Psychology Wiki


Revision as of 22:57, December 16, 2008 by Dr Joe Kiff (Talk | contribs)

34,200pages on
this wiki
ICD-10 R20.2
ICD-9 782.0, 355.1
DiseasesDB {{{DiseasesDB}}}
MedlinePlus {{{MedlinePlus}}}
eMedicine {{{eMedicineSubj}}}/{{{eMedicineTopic}}}
MeSH {{{MeshNumber}}}
Main article: Somatosensory disorders

Paresthesia (paraesthesia in British English) is a sensation of tingling, pricking, or numbness of the skin with no apparent physical cause, more generally known as the feeling of pins and needles.

Transient paresthesia

Most people have felt the sensation of an extremity, "falling asleep". This lack of sensation is caused by a temporary impedence of blood flow to the extremity which results in nerve cells starving for oxygen and glucose. Additionally, the impedence of blood flow is usually due to pressure on the limb which in turn compresses the nerve cells, making transmission of neural impulses more difficult. Transient paresthesia is the familiar sensation of "pins and needles" felt when oxygen and glucose-rich blood return to the nerve cells which in turn fire at an accelerated rate until they establish their regular transmission rate.

Chronic paresthesia

Chronic paresthesia indicates a problem with the functioning of nerve cells, or neurons. This malfunction, which is especially common in older individuals, is often the result of poor circulation in the limbs (such as in peripheral vascular disease), or may be caused by atherosclerosis—the build up of plaque on artery walls. Without a proper supply of blood and nutrients, nerve cells can no longer adequately send signals to the brain. Because of this, paresthesia is also a symptom of vitamin deficiency and malnutrition, as well as metabolic disorders like diabetes and hypothyroidism.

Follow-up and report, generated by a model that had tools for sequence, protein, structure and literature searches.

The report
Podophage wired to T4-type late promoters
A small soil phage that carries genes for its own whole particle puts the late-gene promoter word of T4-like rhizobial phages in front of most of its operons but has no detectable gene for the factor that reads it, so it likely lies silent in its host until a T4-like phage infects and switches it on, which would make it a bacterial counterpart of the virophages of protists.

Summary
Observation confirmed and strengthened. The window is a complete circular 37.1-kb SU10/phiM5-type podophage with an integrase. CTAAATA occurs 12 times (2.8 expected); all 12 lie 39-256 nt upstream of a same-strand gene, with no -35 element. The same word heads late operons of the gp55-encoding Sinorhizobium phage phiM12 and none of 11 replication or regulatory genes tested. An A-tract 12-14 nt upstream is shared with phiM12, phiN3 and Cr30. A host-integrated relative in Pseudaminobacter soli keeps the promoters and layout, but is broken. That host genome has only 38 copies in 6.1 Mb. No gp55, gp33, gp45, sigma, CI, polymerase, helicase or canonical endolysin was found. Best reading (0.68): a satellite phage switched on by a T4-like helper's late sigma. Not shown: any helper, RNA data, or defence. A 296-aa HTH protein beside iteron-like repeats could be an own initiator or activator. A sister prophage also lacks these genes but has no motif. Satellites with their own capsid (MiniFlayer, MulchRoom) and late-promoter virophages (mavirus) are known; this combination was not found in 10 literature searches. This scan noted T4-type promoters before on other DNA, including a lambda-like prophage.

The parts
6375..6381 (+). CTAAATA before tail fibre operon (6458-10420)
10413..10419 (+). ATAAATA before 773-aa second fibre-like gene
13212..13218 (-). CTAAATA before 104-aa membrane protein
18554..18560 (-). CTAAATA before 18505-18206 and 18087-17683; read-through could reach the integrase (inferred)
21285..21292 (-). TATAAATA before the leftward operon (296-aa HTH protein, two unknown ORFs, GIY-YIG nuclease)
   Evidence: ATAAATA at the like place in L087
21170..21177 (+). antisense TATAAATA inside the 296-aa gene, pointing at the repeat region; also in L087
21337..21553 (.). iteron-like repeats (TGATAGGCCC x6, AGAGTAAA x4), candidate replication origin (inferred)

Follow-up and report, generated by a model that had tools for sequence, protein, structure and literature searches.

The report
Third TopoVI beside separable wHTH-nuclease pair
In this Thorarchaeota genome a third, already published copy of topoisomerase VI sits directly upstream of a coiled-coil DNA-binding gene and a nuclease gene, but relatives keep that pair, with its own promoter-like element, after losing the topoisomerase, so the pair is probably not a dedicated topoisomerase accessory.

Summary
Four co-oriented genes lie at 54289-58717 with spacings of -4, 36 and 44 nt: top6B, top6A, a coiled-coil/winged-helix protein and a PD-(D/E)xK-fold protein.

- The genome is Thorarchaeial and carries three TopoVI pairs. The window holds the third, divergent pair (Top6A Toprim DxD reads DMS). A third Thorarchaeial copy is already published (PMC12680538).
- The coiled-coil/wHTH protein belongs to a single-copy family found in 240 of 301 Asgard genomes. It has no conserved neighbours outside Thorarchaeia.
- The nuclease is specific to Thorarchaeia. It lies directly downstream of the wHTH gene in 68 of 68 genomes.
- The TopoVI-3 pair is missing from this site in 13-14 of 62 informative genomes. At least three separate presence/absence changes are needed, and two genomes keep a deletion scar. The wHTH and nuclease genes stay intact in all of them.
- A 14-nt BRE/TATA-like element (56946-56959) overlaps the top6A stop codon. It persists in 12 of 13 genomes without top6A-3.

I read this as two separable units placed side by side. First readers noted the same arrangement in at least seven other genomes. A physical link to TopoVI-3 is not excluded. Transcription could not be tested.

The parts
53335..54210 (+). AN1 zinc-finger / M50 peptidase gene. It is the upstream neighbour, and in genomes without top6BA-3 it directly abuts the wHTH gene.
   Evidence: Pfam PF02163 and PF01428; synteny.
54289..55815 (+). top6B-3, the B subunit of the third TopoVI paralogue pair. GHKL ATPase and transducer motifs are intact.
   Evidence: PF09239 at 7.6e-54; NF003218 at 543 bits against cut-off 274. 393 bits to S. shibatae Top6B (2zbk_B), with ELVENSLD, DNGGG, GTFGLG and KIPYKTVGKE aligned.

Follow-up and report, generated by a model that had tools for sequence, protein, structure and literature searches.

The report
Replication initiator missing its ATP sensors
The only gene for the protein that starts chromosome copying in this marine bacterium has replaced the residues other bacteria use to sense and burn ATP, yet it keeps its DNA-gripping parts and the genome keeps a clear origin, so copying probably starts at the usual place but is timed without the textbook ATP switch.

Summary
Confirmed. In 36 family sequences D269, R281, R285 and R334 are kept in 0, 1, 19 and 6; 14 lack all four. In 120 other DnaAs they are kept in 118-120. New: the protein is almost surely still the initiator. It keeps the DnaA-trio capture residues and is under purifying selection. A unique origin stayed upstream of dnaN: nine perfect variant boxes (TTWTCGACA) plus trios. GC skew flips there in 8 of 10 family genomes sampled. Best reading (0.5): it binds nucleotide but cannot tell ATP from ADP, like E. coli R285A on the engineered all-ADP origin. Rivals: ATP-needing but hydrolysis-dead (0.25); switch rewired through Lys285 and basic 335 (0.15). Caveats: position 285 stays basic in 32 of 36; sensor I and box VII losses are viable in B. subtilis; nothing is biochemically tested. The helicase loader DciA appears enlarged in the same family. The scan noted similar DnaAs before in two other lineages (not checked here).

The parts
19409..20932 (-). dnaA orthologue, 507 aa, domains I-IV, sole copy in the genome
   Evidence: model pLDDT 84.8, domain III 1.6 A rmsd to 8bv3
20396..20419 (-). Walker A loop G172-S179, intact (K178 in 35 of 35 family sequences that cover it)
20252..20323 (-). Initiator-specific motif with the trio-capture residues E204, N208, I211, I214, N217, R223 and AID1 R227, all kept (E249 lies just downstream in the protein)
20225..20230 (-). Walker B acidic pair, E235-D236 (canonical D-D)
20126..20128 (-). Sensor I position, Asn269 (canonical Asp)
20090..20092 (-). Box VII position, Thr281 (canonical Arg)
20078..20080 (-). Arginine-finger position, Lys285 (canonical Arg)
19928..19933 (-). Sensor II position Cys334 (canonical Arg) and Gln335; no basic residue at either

Irritation to the nerve can also come from inflammation to the surrounding tissue. Joint conditions such as rheumatoid arthritis and carpal tunnel syndrome are common sources of paresthesia.

Another cause of paresthesia, however, may be direct damage to the nerves themselves, or neuropathy, which can stem from injury or infection, or which may be indicative of a current neurological disorder. Chronic paresthesia can sometimes be symptomatic of serious conditions, such as a transient ischemic attack, a brain tumor, motor neurone disease, or autoimmune disorders like multiple sclerosis or lupus erythematosus. A diagnostic evaluation by a doctor is necessary to rule these out.

Paresthesiae of the mouth, hands and feet are common, transient symptoms of the related conditions of hyperventilation syndrome and panic attacks.

Other known causes of paresthesia:

External links

This page uses Creative Commons Licensed content from Wikipedia (view authors).

Around Wikia's network

Random Wiki